The ACT Government will provide $15,000 for each gaming machine authorisation surrendered by licensees across the Territory to help Canberra’s community clubs reduce the harm caused by poker machines. However, questions remain over just how effective the initiative will be.
The new surrender incentive is a $1.74 million investment which will cut the number of gaming machine authorisations by as much as 116. In cases where a venue surrenders all certificates and becomes ‘pokie-free’, the incentive will rise to $20,000 per authorisation.
The incentive payments will be available until the end of the year or until the fund is exhausted. The government will work with individual licensed premises and the Community Clubs Ministerial Advisory Council to review the effectiveness of the payments.
ACTCOSS CEO Dr Emma Campbell said that while it is promising to see the ACT Government working to reduce the number of poker machines, more needs to be done to reduce the number of machines in operation.
“Gambling harm severely impacts our community. The social and financial costs of gambling are huge to individuals as well as the ACT community,” Dr Campbell said.
“Use of poker machines is the most effective predictor of problem gambling in the ACT and the risk of gambling harm increases the more time someone spends on pokies.
“The ACT Government must take actions to protect vulnerable groups from the concerning ramifications of gambling harm.”
ACTCOSS proposes that the ACT Government introduces a $250 limit on cash access at poker machine venues, a bet limit of $1 and a limit load-up of $100, banning poker machine operation between 2 am and 10 am and prioritise actions that reduce gambling harm.
Chief Executive Officer of ClubsACT Craig Shannon said that the industry association supports the scheme but argued that the $15,000 figure is not nearly enough of an incentive to attract many clubs in the ACT.
“As of today, a poker machine might cost you around $30,000, but there’s a series of associated costs to bring it in and install it,” Mr Shannon said.
“That figure is in no way near the turnover from that machine, but they’re not even getting compensation for the original purchase price.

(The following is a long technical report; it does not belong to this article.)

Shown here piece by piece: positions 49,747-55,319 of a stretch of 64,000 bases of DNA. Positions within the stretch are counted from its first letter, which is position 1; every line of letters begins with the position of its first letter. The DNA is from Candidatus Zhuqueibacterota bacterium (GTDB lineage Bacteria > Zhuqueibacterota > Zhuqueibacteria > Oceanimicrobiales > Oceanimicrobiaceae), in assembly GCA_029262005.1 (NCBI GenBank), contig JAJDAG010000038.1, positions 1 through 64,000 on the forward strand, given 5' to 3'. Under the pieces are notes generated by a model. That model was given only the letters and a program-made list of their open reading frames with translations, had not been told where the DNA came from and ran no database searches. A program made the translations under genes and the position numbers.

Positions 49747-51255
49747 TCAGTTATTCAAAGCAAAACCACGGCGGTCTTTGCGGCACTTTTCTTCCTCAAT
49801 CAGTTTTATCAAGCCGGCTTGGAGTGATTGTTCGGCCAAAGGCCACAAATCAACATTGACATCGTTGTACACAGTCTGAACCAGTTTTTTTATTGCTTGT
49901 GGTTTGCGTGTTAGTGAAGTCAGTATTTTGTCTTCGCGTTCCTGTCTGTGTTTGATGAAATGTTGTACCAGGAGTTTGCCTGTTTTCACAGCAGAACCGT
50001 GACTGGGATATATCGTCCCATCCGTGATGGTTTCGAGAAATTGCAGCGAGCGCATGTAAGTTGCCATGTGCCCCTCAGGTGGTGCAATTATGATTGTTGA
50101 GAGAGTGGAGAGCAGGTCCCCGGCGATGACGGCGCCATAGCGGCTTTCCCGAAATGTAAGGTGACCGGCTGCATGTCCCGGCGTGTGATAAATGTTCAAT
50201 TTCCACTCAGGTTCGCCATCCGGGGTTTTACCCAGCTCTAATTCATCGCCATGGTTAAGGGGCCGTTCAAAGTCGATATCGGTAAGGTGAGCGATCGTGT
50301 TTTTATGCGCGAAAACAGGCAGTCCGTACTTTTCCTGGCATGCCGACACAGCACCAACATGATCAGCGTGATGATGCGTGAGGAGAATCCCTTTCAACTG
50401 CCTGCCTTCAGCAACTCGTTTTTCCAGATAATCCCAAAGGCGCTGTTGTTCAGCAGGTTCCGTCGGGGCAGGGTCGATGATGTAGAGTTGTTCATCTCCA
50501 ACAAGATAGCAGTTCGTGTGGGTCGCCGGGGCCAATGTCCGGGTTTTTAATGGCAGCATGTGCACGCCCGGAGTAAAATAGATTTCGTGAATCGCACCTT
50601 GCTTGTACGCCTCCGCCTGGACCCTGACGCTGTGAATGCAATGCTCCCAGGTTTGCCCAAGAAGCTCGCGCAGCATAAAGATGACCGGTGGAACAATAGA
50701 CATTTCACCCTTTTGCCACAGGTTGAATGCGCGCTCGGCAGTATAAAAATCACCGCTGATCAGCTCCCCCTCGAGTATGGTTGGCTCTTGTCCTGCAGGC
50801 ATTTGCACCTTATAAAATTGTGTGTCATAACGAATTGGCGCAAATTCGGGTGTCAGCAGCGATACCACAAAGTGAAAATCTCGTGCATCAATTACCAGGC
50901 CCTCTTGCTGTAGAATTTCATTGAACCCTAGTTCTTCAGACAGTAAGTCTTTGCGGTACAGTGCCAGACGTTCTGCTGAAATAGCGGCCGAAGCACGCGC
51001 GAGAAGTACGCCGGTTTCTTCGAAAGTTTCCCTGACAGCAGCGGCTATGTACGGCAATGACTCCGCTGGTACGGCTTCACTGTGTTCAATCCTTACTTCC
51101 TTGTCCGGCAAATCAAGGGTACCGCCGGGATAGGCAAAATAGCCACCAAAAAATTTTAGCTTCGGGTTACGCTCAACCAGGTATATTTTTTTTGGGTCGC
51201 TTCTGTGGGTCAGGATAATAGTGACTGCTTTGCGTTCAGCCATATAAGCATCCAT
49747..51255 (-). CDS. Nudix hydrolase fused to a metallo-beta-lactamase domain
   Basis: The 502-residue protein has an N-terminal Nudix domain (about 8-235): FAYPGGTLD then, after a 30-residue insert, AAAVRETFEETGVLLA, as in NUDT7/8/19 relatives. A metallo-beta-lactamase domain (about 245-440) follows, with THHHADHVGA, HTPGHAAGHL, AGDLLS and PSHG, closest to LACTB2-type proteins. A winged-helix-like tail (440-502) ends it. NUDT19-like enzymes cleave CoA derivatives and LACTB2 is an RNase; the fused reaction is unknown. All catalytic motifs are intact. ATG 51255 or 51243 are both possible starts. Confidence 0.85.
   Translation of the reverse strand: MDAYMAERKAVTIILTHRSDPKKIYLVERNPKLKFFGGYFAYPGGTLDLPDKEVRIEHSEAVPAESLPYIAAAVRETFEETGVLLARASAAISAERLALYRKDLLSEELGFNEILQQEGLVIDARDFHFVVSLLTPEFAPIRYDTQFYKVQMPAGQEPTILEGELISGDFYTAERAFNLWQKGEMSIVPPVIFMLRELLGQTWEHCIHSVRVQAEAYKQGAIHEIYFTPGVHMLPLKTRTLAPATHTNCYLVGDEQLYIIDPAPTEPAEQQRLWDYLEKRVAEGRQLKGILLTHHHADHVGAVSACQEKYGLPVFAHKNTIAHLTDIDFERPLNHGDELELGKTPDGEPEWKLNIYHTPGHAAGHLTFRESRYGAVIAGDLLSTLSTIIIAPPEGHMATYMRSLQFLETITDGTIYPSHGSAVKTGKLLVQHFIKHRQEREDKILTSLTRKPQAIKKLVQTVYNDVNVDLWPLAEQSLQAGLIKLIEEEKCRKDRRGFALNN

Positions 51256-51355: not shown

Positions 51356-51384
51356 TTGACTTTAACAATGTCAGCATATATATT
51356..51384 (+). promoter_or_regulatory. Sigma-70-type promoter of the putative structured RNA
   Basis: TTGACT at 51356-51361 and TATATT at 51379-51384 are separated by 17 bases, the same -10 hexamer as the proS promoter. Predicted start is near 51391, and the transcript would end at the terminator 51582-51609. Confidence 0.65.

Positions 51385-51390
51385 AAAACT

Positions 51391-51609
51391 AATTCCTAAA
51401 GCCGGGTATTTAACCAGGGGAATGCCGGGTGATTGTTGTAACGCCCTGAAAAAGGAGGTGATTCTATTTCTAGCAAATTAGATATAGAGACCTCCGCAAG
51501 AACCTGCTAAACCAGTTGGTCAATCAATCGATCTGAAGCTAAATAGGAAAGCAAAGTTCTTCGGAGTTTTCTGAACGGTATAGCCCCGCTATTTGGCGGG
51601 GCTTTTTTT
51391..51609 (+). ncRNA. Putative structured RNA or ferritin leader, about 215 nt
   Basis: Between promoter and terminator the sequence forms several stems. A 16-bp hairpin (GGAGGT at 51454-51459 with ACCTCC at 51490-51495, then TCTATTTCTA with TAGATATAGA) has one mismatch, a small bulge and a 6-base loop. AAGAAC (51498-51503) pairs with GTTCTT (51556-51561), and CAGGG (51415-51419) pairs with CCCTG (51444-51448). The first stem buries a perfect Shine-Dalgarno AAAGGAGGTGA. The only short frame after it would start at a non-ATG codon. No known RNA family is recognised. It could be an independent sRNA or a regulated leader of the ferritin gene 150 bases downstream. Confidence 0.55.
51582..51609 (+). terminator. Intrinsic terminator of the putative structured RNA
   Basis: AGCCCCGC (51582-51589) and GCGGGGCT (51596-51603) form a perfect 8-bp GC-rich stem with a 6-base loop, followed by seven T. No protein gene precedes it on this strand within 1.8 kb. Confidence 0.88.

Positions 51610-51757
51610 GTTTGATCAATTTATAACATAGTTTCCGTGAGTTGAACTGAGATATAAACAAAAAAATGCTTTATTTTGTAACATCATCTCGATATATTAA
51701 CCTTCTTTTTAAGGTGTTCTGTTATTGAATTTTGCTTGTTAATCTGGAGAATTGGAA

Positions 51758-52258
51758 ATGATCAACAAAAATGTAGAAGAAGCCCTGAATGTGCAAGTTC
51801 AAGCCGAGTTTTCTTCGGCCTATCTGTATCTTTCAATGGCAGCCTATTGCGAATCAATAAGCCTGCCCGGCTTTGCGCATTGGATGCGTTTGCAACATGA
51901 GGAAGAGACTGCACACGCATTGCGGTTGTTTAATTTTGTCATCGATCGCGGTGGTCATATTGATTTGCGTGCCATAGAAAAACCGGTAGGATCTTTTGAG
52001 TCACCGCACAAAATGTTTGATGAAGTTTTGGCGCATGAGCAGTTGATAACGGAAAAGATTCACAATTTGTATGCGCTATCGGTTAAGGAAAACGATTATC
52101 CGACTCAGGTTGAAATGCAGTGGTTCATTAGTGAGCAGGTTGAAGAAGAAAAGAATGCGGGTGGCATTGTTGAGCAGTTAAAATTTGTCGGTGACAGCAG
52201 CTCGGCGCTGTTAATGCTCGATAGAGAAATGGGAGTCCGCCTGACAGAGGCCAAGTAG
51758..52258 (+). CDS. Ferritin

“There would be no one that would tell you that $15,000 represents the annual value of that machine for a club.”
Responding to the suggestions raised by ACTCOSS, Mr Shannon noted that there had already been a substantial amount of work put into addressing issues around poker machines.
“As a jurisdiction, we lead the way in terms of regulation in this area,” he said.
“The industry is very committed to working effectively with the government on these measures, but we’d prefer an approach that is consultative, cooperative and has quantifiable, evidence-based outcomes.”
Minister for Gaming Shane Rattenbury said that the incentive was integral in supporting the sustainability of the ACT’s clubs while trying to help the more than 15,000 Canberrans who have experienced harm from their own gambling and the 43,000 that have had a family member with gambling issues.
“Community clubs should be a safe place for families and vulnerable people to meet and connect, but the exposure and access to electronic gaming machines can cause harm in our community,” Mr Rattenbury said.
“Our community clubs play an important role in the social life of many Canberrans, so we want to continue supporting our clubs while reducing the harm from pokies, and I believe these surrender incentive payments can assist to achieve that.
“This initiative is a great incentive to create pokie-free venues for Canberrans to enjoy and reduce the harm caused by exposure and access to electronic gaming machines.”